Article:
No one election defeat, no single leader, no one campaign or campaign team, no single machine, is responsible for Labor’s malaise. Searching for individual culprits distracts us from grappling with the structural problems that we face – and Labor can no longer afford the luxury of distractions.
We must live up to Labor’s best traditions and accept our collective responsibility.
After all, Mark campaigned well. He handled the Jakarta bombing with sensitivity and maturity. He won the debate hands down. I remember the question that Denis Atkins asked at the Press Club luncheon on the Wednesday before the election: ‘I was just wondering, Mr Latham, whether you believe that there is any honour in winning the campaign but losing the election?’ Despite the wide-spread revisionism since the election, I know that many gallery journalists held that exact same view during the campaign. They told me so. Relax, I won’t name you. Those conversations will remain private.
After polling day, the pack changed direction. Suddenly, the campaign was evidence of Mark’s unreliability, his flakiness, his recklessness.
It would be a mistake for the ALP to fall for the revisionism, and I think Bernie’s book provides a useful corrective. It shows that Mark’s fatal flaw was not recklessness, not the risks that he took – in a way, it was the risks he refused to take.
He was a loner, as the title of the book suggests. He would not take the chance of trusting those around him, and that hurt him, and Labor, badly. Mark played his cards close to his chest. He wouldn’t take even those staff and colleagues who should have been close to him into his confidence. To do so was a risk worth taking, and it should have been taken.
I think that Mark’s time as Leader and especially the last months of his Parliamentary career were marred by that same lack of consultation and trust. The Tsunami response, the handling of his health problems and his sour resignation speech were all avoidable errors. I am sure that if he had been willing to let those around him help him, if he had been willing to seek aid and take advice, those errors would have been avoided.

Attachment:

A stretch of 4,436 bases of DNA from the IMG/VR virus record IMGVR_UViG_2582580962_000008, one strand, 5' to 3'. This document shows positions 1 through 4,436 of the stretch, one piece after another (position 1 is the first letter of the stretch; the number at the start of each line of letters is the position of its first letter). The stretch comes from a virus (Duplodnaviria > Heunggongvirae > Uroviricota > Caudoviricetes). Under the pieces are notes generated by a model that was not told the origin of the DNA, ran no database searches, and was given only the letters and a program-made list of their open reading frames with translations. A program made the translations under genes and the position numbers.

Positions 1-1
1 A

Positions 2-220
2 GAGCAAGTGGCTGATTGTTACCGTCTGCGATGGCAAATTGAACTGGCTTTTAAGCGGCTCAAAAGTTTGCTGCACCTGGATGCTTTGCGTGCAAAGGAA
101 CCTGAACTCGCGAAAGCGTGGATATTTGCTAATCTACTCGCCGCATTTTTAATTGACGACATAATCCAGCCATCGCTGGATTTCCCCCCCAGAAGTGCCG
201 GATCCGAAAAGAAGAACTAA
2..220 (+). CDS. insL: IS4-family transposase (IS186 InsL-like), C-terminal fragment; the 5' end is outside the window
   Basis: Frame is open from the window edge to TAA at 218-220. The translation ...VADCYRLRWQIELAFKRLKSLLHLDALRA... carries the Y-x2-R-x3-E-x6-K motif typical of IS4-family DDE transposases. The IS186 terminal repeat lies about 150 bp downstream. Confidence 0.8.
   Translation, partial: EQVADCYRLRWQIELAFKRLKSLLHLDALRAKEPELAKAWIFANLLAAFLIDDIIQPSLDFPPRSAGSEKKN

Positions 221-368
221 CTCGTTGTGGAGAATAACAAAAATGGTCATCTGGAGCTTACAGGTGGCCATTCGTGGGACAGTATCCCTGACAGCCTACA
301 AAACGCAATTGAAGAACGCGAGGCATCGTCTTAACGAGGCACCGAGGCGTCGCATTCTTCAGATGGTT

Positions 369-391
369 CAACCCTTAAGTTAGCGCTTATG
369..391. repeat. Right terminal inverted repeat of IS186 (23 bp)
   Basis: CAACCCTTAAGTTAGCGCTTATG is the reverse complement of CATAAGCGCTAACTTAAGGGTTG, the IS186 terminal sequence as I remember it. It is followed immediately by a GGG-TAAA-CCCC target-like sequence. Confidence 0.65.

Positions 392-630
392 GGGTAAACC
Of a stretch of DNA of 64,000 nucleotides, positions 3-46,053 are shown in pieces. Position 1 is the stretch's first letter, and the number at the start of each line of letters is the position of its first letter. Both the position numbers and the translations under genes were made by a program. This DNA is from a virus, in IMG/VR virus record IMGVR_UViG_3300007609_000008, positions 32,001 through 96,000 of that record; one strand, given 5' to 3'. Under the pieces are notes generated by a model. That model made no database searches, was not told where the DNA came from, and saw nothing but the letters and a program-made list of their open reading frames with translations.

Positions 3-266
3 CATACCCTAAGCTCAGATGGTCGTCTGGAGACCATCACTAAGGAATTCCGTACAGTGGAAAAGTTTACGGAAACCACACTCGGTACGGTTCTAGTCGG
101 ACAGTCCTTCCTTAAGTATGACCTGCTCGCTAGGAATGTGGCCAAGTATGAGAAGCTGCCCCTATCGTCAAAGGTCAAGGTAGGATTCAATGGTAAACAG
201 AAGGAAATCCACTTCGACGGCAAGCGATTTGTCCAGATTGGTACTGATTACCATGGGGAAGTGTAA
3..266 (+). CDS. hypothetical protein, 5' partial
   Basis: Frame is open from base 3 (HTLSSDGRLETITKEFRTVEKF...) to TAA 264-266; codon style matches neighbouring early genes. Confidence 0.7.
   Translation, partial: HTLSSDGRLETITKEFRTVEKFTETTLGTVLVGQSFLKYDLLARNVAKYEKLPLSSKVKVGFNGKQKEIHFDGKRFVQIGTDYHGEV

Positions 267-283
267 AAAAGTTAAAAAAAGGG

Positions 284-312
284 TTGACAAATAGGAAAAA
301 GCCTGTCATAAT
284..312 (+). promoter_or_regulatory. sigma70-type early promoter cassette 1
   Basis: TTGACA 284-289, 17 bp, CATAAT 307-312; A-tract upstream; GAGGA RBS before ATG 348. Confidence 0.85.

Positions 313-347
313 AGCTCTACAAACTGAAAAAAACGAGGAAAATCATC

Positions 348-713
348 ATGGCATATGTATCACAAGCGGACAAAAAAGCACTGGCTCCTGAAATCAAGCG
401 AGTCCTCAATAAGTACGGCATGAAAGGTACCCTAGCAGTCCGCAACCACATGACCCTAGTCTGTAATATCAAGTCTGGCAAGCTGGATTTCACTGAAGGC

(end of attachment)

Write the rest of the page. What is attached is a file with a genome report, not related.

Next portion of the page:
And one error I hope Mark will not make now is to walk away from the enormous part of his life that the Labor Party has been – and burn all his bridges behind him. Labor is very generous to our former leaders – when they allow us to be.
I would not want Mark’s legacy to be seen only in the light of the 2004 defeat and its aftermath. Such a bitter legacy of disappointment and betrayal would taint and cloud Mark’s real and considerable contribution.
I hope that people will remember more of Mark’s story than the final chapter. How apt that in Bernie’s book that final chapter is: ‘Chapter 13: The Tsunami and the Mad End’. It is both a memorable chapter in Bernie’s book and a memorable chapter in Australian politics. There has been no meltdown like it.
The collapse of Mark’s health may or may not have happened without the pressure of the election and its aftermath. With perfect hindsight, that collapse and Mark’s subsequent loss of perspective and erratic behaviour earlier this year are now seen as the final vindication of all the arguments about Mark’s fitness to lead.
I hope that the rest of Bernie’s book will remind us all of a more rounded picture of Mark’s career: not only the disappointment, but also the excitement. Not just the acrimony, but also the inspiration.
Not just the risk, but the reasons we were willing to take the risk.
No doubt historians will fuel decades of debate with the question of whether the risk was, in the end, worth taking. I am, I think, too close to events to judge. But I will say that politics is about perceiving chances, seizing opportunities, and yes – taking the occasional risk.
There are lessons in Labor’s last election defeat. There are lessons in this book. I’ve alluded to a few of them.
If would be a very great shame if the only lesson Labor learned was to always play it safe.